While most U.S. small and midsized businesses and their employees believe a recession is likely in 2023, business owners are opting to raise prices and reduce operating expenses before cutting salaries or benefits, according to the latest Principal Well-Being IndexSM (WBI) study by Principal Financial Group®.
Despite this dip in economic confidence, the study found more businesses are currently growing compared to this time last year (61% vs. 51%). More than half (53%) of small businesses also reported growth, the highest in 2022 and up from 46% in July. More than 70% of large businesses reported growth in the most recent October survey.
Businesses focus on maintaining benefits and wages
However, businesses and employees remain uneasy about economic pressures. Seventy percent of employers and 74% of employees believe it’s somewhat or very likely a recession will happen in the next six months; this is up from 65% of employers in July.
To address a potential downturn, businesses are choosing to reduce operational expenses or raise prices on goods and services over reducing employee salaries and benefits. Sixty four percent of small businesses said they will not reduce salaries compared to 49% of large businesses. Similarly, 57% of small businesses said they will not reduce benefits to adapt for a recession compared to 45% of large operations. Nearly two-thirds (63%) of employees surveyed reported wage increases within the past year.
“If there’s one constant in our research of the small and midsize business community, it’s that they remain committed to their employees. Earlier this year, businesses said they weren’t going to impact benefits or wages, and that sentiment is holding,” said Amy Friedrich, president of U.S. Insurance Solutions at Principal®. “While the economic outlook is murky, business owners understand employees are their most valuable asset and they’re continuing to support them with retirement and protection solutions, as well as financial wellness programs.”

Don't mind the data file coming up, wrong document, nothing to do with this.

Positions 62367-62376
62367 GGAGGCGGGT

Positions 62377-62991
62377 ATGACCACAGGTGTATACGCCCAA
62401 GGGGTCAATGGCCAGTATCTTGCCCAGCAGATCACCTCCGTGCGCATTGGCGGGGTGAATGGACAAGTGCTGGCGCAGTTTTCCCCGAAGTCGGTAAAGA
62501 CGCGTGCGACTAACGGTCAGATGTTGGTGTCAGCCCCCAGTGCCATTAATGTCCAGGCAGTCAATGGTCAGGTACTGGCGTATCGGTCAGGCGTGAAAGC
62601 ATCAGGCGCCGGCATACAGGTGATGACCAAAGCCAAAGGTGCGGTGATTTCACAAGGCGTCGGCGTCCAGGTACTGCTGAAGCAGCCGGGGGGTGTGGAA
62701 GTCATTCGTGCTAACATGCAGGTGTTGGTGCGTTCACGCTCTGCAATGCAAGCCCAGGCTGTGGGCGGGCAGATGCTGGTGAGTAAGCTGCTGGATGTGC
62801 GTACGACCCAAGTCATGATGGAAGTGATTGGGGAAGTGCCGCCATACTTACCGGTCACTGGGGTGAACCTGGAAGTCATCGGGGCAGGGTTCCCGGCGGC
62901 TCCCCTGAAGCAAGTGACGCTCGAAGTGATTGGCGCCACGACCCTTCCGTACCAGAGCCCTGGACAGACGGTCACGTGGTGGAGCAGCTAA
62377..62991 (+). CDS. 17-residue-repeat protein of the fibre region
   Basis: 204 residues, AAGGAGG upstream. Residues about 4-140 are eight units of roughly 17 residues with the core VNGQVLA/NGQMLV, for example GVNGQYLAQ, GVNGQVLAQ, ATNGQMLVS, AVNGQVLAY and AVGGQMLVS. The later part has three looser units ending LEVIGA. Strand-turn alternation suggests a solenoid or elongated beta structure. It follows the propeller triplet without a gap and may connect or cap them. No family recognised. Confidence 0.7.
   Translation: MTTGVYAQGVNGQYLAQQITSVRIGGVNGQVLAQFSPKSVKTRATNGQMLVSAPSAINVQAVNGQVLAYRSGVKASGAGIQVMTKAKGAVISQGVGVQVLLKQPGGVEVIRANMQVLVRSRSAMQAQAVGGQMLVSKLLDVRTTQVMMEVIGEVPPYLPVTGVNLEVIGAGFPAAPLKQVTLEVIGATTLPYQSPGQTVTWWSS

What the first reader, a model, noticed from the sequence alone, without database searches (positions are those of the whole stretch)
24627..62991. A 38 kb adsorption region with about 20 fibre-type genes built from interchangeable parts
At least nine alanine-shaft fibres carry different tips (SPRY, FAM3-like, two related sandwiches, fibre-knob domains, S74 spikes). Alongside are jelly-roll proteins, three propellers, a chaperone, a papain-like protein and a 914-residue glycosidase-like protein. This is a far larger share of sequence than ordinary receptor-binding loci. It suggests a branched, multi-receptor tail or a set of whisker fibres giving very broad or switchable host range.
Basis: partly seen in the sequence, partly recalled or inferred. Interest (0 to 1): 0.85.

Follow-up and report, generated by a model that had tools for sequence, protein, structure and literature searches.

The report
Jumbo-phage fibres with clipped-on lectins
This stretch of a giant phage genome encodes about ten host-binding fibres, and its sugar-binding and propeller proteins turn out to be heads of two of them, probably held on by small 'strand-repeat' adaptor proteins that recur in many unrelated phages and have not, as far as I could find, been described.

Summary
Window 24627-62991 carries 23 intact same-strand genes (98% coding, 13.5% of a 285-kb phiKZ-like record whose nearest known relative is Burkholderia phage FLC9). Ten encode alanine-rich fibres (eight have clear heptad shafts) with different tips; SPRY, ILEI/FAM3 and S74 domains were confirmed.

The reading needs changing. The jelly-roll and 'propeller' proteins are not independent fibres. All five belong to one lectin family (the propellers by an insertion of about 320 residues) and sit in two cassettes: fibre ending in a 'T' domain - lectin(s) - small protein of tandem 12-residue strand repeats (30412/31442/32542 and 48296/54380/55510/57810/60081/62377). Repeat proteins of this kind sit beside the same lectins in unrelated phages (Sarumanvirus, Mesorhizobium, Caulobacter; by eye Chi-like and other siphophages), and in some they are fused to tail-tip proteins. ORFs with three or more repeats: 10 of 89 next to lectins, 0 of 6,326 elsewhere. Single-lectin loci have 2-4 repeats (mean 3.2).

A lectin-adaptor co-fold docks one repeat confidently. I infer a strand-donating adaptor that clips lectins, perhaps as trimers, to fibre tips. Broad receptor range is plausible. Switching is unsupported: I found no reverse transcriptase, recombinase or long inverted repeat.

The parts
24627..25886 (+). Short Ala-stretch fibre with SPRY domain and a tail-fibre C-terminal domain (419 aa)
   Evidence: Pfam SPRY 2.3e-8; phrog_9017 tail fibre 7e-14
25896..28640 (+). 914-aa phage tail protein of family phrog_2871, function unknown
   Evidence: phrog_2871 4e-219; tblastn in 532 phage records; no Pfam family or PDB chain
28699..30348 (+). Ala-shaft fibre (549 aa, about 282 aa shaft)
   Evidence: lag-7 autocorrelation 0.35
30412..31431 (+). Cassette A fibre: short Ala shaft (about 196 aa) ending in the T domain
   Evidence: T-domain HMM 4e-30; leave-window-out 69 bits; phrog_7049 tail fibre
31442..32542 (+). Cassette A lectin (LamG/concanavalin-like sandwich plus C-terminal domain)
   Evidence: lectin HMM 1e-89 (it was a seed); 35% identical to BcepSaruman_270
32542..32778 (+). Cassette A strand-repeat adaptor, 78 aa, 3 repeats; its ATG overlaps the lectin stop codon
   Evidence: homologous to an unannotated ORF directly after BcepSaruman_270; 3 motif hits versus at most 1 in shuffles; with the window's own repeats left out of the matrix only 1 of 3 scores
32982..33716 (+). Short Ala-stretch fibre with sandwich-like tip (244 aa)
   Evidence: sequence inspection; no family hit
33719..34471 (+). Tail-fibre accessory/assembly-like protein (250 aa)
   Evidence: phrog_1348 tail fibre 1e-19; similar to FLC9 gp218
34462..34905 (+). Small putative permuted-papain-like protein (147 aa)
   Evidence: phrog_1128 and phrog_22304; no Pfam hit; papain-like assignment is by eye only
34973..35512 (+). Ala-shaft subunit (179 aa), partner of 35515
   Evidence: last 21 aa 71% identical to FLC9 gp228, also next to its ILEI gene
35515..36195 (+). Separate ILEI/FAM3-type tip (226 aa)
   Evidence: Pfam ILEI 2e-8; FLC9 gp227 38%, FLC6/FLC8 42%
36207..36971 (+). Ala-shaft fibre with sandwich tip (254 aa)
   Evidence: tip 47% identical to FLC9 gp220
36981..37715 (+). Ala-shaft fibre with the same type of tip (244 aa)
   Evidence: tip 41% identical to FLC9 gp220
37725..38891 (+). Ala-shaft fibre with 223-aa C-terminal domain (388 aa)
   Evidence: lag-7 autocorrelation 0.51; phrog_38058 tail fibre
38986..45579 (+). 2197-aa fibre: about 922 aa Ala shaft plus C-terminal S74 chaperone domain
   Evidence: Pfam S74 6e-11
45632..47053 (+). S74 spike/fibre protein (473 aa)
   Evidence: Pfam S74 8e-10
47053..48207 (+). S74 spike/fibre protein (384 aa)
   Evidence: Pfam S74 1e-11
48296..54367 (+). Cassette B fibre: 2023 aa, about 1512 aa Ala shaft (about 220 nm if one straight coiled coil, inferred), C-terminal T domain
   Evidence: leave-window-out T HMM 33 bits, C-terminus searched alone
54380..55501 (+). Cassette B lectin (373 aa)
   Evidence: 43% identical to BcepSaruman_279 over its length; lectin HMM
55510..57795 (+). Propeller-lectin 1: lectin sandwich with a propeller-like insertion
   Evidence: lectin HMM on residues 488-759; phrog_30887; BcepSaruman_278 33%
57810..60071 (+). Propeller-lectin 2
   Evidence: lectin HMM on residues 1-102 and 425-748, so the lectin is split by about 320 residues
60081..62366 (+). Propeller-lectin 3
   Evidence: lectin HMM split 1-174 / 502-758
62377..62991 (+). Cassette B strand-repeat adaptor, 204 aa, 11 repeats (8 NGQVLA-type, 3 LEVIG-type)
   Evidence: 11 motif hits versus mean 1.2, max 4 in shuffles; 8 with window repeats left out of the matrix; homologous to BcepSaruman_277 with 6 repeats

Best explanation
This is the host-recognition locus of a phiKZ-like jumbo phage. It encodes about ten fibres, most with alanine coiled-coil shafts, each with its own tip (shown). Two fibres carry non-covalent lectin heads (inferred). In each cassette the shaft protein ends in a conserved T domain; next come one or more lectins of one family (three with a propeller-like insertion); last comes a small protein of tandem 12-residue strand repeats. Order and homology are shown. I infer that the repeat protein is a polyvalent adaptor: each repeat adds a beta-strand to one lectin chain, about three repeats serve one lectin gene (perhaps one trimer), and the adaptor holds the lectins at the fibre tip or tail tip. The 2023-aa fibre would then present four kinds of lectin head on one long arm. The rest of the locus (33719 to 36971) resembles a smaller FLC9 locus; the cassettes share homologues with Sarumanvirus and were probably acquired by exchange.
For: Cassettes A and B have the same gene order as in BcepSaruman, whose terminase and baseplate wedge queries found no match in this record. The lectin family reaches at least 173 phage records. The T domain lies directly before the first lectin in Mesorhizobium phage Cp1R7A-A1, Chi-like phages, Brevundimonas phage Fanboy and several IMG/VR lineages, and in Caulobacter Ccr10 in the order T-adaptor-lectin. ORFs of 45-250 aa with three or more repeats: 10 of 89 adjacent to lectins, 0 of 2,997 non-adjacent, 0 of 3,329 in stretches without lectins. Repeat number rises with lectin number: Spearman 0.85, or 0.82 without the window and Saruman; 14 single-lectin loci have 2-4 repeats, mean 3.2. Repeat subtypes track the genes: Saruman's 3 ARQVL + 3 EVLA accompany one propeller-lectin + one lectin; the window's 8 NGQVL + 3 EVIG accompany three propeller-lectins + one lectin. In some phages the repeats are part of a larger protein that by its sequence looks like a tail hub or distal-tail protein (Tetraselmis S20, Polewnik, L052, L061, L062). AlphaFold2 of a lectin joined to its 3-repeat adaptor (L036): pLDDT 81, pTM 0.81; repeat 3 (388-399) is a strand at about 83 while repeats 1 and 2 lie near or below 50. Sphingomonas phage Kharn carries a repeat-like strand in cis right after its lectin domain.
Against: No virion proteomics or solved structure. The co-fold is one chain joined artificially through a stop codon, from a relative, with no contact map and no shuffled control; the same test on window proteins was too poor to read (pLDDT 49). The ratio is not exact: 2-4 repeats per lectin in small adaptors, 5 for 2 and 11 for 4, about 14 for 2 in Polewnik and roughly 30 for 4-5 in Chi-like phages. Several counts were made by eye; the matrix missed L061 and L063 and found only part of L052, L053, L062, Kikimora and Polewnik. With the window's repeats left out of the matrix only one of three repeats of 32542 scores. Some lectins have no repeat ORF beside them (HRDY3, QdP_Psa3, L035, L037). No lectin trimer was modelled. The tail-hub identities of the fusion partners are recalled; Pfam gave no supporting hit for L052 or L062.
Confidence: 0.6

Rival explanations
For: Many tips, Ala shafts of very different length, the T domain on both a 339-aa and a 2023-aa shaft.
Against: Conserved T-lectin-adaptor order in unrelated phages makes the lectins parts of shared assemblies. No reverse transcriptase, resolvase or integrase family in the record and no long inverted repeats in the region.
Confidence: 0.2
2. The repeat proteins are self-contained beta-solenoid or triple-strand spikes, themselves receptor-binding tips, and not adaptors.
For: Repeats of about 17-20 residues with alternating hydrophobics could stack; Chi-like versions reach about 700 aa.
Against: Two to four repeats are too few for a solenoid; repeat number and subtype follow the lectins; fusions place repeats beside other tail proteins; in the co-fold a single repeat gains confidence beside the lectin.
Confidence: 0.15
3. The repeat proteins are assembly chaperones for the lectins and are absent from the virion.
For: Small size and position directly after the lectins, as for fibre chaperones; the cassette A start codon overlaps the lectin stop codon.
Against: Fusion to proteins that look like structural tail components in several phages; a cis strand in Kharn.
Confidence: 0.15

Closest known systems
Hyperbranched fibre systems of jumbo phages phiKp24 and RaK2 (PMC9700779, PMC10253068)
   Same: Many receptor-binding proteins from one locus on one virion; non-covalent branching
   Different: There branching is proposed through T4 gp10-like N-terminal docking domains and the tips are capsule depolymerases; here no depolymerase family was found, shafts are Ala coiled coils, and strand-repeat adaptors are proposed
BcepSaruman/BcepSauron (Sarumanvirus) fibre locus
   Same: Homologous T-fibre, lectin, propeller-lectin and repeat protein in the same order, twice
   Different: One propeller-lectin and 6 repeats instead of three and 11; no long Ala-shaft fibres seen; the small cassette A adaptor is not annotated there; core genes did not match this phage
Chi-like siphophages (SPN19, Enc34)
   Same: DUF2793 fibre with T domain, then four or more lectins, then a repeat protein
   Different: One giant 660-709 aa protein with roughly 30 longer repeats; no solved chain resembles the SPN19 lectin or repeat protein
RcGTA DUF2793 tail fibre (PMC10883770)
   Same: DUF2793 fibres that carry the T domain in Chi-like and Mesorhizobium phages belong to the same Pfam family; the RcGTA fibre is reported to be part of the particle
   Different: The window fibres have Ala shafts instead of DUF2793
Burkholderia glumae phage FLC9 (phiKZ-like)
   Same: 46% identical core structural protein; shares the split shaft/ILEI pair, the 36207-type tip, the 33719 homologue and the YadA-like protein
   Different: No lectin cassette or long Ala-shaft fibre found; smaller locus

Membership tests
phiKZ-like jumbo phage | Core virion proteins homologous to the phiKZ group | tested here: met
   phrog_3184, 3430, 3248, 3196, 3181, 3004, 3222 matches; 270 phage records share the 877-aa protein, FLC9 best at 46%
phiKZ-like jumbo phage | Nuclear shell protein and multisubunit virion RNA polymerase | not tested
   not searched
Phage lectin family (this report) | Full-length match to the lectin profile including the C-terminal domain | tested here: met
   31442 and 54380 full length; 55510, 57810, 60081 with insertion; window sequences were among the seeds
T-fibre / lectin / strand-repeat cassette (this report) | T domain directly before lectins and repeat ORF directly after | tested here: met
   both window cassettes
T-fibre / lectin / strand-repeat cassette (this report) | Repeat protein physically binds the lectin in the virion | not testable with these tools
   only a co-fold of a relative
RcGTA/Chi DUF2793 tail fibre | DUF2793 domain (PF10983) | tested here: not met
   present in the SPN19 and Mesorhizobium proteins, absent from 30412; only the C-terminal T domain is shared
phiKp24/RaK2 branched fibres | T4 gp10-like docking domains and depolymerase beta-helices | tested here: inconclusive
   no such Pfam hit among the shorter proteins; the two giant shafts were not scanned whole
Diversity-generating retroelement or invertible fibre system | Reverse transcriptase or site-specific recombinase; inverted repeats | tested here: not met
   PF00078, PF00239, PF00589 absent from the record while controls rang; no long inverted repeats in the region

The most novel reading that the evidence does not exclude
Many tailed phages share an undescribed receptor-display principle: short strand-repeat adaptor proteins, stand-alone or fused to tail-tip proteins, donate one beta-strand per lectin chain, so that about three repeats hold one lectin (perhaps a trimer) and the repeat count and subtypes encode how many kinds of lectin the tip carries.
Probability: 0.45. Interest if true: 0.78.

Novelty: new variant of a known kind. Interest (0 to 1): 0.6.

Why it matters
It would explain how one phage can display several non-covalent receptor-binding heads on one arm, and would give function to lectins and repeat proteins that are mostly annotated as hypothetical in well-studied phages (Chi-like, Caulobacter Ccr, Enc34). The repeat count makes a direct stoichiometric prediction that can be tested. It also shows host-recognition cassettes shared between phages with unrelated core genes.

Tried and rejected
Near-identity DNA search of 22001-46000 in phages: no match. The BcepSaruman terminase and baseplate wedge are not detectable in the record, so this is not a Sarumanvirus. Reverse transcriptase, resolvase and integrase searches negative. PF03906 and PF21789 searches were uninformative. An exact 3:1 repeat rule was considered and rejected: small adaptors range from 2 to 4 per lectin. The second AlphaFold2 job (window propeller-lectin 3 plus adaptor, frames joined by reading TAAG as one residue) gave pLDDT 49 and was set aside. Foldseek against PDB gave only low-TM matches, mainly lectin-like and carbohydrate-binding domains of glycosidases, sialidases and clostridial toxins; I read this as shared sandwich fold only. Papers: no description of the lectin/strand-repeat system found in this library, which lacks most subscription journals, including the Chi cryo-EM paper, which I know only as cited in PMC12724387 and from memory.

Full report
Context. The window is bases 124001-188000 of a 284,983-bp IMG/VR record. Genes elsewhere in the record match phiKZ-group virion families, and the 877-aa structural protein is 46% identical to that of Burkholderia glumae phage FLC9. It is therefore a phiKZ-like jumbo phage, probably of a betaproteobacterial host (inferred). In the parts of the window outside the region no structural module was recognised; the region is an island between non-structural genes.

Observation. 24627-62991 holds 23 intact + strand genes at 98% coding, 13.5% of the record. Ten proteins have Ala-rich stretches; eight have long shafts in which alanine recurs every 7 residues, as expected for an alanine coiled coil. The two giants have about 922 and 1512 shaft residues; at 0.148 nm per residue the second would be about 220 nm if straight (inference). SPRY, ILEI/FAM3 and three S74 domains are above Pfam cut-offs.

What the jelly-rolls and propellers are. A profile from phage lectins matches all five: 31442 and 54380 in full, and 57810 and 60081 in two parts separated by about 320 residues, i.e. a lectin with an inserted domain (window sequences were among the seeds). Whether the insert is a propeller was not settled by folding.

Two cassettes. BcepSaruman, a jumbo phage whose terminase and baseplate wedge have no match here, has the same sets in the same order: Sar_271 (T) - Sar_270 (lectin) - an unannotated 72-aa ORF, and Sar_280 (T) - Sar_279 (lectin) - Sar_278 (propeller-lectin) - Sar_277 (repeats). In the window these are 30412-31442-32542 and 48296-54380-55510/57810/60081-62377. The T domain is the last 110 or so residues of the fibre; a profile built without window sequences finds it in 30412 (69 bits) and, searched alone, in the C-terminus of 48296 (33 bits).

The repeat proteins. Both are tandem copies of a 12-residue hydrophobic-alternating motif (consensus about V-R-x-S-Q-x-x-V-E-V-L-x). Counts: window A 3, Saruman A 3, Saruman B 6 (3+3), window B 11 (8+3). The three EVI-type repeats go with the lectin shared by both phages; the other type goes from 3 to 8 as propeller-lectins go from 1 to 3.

Employee uptake of financial wellness programs increased 70% in the past six months, and 79% said these programs better prepare for retirement.
Employees prepare for potential recession
About half of employees surveyed indicated they are already reducing discretionary spending to prepare for a potential recession. However, “decreasing savings for retirement” is the least likely action employees would take amidst a recession.
“Financial wellness tools clearly matter to employees, but building a program is just the start to help employees,” said Heather Winston, director of financial planning and advice with Retirement & Income Solutions at Principal. “Employers can help to further support them by communicating the availability of those benefits and encouraging usage.”
Recession concerns are having a significant impact on employee mental health, especially among younger generations. More than two-thirds (67%) of employees agree that concerns about a recession have impacted their stress levels or mental health, with Millennials (79%) and Gen Z (76%) more likely to report impacts.
“When examining the list of concerns, a disconnect persists between employers and employees,” said Friedrich. “While employers are more concerned about economic impacts, employees’ concerns focus on personal health and wellbeing. Employers have an opportunity to focus on understanding and meeting employees’ needs and addressing them for continued long-term job satisfaction and growth.”
See all results and insights from the latest Principal Financial Well-Being IndexSM (PDF).